Paper presented at MRS Spring Meeting 2011.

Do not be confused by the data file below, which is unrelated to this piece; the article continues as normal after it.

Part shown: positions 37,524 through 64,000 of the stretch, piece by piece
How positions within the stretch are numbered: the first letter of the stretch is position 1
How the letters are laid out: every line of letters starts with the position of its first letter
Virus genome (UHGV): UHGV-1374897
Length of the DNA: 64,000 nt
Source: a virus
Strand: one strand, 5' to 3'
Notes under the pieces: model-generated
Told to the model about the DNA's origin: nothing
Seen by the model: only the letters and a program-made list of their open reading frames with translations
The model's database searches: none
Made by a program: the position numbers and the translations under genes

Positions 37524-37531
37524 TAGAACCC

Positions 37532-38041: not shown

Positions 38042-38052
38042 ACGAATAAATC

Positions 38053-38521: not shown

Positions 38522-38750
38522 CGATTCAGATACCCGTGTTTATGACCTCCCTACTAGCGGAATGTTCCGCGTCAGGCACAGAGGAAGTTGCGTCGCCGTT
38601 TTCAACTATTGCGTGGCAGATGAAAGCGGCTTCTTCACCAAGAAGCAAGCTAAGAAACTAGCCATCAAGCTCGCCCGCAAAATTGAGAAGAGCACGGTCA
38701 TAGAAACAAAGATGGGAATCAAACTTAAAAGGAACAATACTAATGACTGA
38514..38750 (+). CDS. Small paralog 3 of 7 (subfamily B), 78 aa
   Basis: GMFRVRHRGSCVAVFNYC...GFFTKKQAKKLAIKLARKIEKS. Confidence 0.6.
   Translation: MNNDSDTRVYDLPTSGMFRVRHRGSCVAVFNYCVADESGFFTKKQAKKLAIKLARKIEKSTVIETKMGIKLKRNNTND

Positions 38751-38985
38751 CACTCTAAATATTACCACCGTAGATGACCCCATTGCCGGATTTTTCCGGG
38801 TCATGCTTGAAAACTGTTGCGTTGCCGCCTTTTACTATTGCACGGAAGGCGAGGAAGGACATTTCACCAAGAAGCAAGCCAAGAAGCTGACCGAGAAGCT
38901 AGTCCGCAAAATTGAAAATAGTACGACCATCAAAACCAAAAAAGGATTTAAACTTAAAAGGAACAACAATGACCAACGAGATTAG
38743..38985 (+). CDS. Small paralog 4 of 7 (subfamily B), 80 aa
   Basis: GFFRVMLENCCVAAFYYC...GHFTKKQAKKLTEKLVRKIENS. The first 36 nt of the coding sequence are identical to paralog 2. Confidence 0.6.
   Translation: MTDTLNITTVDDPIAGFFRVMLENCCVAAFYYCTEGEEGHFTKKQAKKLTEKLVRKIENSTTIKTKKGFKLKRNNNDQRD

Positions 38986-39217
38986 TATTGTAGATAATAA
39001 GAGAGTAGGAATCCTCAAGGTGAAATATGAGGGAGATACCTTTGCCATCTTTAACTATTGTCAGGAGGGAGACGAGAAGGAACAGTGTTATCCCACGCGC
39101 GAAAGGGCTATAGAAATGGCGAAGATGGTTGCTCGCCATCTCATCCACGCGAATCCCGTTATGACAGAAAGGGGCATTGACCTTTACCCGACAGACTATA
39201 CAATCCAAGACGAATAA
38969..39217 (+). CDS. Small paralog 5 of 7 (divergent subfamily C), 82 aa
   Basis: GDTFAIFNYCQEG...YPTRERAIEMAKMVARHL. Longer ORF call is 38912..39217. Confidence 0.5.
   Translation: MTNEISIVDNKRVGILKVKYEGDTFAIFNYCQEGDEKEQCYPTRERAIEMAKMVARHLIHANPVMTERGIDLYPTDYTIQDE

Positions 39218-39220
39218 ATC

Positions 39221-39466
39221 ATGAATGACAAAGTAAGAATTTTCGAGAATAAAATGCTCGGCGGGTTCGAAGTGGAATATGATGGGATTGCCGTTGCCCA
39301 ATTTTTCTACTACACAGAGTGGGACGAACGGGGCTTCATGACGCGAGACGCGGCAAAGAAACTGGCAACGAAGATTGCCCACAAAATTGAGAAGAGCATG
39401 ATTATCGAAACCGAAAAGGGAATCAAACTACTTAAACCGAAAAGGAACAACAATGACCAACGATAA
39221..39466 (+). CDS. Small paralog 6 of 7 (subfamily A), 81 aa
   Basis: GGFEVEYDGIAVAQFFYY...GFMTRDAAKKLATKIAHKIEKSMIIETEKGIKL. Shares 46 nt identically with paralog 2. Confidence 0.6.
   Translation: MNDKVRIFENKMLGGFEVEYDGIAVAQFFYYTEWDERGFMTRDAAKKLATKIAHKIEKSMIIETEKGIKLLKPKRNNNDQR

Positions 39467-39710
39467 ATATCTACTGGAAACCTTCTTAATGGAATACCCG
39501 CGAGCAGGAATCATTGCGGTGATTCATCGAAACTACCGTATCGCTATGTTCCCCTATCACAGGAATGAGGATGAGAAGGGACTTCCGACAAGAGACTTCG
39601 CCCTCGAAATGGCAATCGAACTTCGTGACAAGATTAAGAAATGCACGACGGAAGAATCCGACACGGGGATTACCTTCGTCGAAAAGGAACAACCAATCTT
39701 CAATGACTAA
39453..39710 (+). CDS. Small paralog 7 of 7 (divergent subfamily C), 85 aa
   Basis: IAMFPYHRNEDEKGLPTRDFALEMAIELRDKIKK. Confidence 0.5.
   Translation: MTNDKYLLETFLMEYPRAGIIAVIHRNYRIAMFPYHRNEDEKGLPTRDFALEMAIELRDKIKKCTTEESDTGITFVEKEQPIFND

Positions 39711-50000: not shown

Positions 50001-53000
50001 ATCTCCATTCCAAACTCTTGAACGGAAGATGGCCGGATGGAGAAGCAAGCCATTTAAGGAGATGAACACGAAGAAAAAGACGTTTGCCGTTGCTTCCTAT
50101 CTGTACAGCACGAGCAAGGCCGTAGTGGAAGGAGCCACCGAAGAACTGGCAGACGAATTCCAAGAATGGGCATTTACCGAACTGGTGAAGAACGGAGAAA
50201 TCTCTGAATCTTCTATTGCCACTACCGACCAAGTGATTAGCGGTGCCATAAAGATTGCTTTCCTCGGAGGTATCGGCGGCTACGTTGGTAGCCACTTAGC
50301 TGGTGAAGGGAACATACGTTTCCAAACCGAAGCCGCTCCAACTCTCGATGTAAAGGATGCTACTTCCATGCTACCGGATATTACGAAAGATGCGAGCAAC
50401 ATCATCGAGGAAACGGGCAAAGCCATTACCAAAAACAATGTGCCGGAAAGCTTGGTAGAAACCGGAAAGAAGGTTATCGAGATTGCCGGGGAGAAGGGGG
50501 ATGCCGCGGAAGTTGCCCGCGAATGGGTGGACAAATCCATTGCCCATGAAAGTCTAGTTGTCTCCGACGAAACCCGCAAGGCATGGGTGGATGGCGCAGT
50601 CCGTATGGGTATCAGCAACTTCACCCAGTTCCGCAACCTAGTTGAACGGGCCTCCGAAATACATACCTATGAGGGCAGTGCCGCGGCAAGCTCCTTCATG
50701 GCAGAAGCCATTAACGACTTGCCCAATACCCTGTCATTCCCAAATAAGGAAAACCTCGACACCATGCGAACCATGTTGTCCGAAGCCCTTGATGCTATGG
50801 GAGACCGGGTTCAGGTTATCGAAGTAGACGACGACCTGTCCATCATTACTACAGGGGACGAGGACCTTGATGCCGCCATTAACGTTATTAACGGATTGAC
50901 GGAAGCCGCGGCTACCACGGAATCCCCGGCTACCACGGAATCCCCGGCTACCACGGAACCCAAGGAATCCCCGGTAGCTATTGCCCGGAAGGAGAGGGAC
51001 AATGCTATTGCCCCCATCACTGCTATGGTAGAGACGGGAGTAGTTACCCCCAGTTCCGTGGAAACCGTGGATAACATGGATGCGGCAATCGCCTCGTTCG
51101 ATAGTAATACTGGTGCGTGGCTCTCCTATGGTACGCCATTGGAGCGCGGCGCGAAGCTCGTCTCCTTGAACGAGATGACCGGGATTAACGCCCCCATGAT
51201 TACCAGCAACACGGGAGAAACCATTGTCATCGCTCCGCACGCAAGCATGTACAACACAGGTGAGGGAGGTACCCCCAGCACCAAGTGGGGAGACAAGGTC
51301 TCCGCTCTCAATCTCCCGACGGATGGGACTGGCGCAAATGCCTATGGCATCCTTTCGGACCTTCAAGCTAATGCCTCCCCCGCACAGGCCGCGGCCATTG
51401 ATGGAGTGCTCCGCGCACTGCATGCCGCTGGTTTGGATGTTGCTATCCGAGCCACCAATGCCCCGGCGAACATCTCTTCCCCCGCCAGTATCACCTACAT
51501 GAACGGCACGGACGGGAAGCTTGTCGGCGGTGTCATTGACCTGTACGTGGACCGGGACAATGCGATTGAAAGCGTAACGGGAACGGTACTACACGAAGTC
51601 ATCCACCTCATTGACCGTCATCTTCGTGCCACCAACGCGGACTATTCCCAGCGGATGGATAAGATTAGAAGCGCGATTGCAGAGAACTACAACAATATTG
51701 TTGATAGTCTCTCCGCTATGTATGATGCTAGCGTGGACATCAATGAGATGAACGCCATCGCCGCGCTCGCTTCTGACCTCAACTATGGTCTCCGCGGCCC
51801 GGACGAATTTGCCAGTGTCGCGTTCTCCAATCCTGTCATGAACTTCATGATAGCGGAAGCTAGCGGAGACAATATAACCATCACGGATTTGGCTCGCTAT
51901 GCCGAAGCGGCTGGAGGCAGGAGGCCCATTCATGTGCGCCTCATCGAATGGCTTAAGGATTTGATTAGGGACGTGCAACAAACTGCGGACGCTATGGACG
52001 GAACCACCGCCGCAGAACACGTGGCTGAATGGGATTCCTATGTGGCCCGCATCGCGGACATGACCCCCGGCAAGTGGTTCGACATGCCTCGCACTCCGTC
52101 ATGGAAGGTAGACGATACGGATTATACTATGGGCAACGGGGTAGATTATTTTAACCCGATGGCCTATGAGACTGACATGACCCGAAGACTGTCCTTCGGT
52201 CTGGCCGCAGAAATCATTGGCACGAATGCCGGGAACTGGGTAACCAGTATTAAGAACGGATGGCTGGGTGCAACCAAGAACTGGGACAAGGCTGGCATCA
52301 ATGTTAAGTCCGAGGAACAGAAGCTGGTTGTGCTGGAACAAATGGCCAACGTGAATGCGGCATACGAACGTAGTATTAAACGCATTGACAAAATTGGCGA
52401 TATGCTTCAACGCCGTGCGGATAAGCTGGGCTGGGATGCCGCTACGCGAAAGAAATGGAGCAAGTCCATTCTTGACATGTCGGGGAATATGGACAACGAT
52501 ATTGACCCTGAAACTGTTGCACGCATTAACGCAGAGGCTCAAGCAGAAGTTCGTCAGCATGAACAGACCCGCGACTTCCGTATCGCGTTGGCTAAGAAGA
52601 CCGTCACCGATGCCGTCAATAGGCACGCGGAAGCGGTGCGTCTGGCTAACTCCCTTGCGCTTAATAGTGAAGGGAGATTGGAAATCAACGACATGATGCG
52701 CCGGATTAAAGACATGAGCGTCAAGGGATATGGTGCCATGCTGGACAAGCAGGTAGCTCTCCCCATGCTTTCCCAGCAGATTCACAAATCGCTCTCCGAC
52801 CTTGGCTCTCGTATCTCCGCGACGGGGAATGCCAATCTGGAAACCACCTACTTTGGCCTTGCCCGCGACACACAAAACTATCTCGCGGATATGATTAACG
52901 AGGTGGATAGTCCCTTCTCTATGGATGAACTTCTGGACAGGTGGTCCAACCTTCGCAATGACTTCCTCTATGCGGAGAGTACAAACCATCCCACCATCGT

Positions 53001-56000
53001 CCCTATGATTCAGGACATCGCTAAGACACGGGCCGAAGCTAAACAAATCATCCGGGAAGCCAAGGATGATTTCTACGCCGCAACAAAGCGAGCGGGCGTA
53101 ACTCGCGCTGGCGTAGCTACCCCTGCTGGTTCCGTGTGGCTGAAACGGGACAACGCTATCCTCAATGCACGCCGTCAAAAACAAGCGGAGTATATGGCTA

“This work presents a critical description of recent cold plasma chemical vapour deposition (PECVD) processes for the growth of oxide thin films and supported nanostructures at low temperatures. Firstly, the growth of oxide thin films is critically addressed by considering parameters such as the angular distribution function of particles or the relative influence of diffusion and shadowing effects in the growth mechanism. Modifications in the thin film deposition processes permit the low temperature preparation of supported oxide nano-fibres and other related nanostructures. Oxide nano-fibres have been prepared on either silver bulk substrates or, in a more controlled way, by using supported metal particle seeds. Examples are reported for the deposition of ZnO and TiO2. Films, hollow nanofibres and other type of supported nanostructures are formed depending on the type of substrates and the deposition conditions. A phenomenological mechanism is proposed which accounts for the nano-fibre growth not by the influence of a catalytic effect, but by the diffusion of the metal and the effect of the plasma electrical field on the growing structures. The importance of the plasma sheath during these nanostructuring processes is highlighted.”